"With a clear and engaging narrative that delves into complex and debatable issues and, at the same time, tells very entertaining stories, this book is a wonderful addition to the historiography of international health."
---Diego Armus, Swarthmore College
From the Rockefeller Foundation to the Bill and Melinda Gates Foundation, U.S. philanthropies have played a leading role in the evolution of international health. Launching Global Health examines one of the earliest of these initiatives abroad, the Rockefeller Foundation's International Health Board. The flagship agency made its first call in British Guiana in 1914 to experiment with its new "American method" for the treatment of hookworm disease. Within months it was involved in ambitious hookworm programs in six Central American and Caribbean sites, its directors self-consciously choosing to test run the prototype for their global project in the nearest and clearest domain of American imperial influence. These efforts continued until 1930, when most of the International Health Board hookworm campaigns had evolved into public health projects of a different nature.
Launching Global Health is the first book to explore the inaugural Rockefeller Foundation campaigns in depth and to treat them as an ensemble---as a laboratory for discovering and testing the elements of a global health system for the twentieth century. Orienting the study according to the priorities and perspectives of the social and cultural history of medicine and marrying the results with social science and institutional approaches, Steven Palmer rediscovers elements and dynamics in the original history of global health that were either discarded or that have continued to operate beneath the radar of scholarship.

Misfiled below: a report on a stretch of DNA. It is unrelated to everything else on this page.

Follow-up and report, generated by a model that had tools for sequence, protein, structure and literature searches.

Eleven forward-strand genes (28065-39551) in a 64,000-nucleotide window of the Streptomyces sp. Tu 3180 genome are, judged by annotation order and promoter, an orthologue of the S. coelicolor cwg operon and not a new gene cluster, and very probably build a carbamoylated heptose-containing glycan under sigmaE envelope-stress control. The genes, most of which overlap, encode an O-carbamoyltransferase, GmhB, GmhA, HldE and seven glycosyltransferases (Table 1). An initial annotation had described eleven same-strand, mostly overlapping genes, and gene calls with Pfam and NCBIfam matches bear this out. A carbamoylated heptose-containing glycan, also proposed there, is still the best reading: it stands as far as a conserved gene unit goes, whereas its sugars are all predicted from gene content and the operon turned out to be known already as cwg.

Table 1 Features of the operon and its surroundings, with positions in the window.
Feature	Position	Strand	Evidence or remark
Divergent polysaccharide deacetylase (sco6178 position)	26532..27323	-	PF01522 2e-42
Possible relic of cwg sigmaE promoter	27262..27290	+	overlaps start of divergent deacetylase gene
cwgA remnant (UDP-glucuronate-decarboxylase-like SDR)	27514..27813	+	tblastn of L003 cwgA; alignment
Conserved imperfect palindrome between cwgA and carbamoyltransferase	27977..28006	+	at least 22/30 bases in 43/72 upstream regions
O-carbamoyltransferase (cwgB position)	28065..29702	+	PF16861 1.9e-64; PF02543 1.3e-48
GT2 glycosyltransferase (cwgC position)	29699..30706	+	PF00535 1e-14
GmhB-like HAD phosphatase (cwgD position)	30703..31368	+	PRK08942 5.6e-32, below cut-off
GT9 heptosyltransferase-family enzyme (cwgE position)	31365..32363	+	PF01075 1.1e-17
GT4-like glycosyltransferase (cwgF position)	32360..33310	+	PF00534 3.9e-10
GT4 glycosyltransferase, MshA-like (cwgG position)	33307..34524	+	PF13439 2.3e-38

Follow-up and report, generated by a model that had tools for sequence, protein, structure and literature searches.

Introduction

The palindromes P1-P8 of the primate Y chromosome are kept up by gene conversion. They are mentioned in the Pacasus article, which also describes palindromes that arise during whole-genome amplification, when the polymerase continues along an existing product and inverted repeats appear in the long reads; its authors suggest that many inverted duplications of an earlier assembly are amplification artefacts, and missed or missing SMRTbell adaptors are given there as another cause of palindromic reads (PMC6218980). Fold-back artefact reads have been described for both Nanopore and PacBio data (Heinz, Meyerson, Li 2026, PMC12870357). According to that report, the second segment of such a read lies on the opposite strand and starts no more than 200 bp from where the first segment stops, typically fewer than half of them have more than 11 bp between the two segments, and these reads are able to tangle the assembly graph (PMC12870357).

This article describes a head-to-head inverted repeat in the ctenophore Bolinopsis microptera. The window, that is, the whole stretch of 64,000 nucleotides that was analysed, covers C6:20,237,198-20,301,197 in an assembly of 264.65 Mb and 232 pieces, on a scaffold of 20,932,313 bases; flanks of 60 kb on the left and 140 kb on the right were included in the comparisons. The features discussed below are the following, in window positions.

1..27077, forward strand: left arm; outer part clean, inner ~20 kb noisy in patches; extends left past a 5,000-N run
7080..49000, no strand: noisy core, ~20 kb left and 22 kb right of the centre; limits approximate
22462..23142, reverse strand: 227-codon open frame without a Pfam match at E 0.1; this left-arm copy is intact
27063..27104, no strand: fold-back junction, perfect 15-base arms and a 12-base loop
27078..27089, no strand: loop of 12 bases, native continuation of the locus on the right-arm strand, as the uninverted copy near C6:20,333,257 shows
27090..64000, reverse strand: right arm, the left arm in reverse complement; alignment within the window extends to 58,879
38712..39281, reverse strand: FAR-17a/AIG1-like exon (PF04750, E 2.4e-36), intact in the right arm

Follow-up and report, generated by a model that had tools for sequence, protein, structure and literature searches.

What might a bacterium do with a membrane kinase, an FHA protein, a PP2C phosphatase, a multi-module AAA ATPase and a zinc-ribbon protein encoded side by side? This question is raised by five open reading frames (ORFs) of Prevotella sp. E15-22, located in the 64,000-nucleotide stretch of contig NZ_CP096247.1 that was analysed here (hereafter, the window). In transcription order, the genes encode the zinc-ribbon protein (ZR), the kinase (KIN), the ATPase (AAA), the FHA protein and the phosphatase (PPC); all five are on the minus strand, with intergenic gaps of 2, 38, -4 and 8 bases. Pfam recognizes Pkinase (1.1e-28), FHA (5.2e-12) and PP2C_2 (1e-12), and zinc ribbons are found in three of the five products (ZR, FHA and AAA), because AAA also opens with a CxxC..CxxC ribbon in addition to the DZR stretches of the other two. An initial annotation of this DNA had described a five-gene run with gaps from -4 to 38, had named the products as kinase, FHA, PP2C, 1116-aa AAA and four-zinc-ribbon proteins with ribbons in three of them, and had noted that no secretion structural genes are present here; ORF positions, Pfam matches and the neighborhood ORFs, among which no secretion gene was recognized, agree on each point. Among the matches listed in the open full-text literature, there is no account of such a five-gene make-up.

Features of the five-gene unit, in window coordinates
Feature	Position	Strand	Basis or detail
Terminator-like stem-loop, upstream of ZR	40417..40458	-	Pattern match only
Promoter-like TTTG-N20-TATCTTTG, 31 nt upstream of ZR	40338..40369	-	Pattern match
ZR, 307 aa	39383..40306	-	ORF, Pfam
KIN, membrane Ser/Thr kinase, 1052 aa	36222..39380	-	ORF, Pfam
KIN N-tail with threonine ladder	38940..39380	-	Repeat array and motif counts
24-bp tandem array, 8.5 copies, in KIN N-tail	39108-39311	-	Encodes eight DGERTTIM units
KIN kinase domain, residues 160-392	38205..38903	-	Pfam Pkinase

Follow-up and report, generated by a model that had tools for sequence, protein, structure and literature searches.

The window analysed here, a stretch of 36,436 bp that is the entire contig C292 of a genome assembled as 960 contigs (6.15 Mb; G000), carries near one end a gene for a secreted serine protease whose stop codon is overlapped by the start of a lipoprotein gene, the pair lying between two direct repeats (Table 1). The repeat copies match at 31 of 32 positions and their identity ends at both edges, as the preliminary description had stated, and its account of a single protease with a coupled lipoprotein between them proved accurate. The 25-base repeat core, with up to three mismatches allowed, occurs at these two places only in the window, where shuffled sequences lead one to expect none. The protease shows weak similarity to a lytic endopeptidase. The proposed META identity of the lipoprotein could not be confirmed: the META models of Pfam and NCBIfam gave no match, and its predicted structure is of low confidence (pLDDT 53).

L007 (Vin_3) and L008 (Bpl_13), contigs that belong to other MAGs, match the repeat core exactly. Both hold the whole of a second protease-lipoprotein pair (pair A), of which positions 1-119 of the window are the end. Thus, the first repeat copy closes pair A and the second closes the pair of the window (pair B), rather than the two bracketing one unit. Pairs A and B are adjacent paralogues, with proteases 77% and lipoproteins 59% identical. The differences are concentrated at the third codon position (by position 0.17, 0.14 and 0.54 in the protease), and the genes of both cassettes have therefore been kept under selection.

In particular, Palmer examines the extraordinary encounters that took place between the Rockefeller proselytizers of biomedicine and public health and the diverse populations whom they were attempting to help. Launching Global Health devotes special attention to the health narratives and practices of laboring people of different ethnicities and how they clashed and blended with the stories and rituals being promoted by the Rockefeller Foundation, ultimately showing the locally assembled health teams of microscopists, inspectors, and dispensers to have been active agents in the shaping of encounters between imperial and popular medicine.
Steven Palmer is Canada Research Chair in the History of International Health at the University of Windsor and author of From Popular Medicine to Medical Populism: Doctors, Healers, and Public Power in Costa Rica, 1800-1940.
Illustration: Lecture on hookworm disease on public building porch. Courtesy Rockefeller Archive Center.
A volume in the series Conversations in Medicine and Society.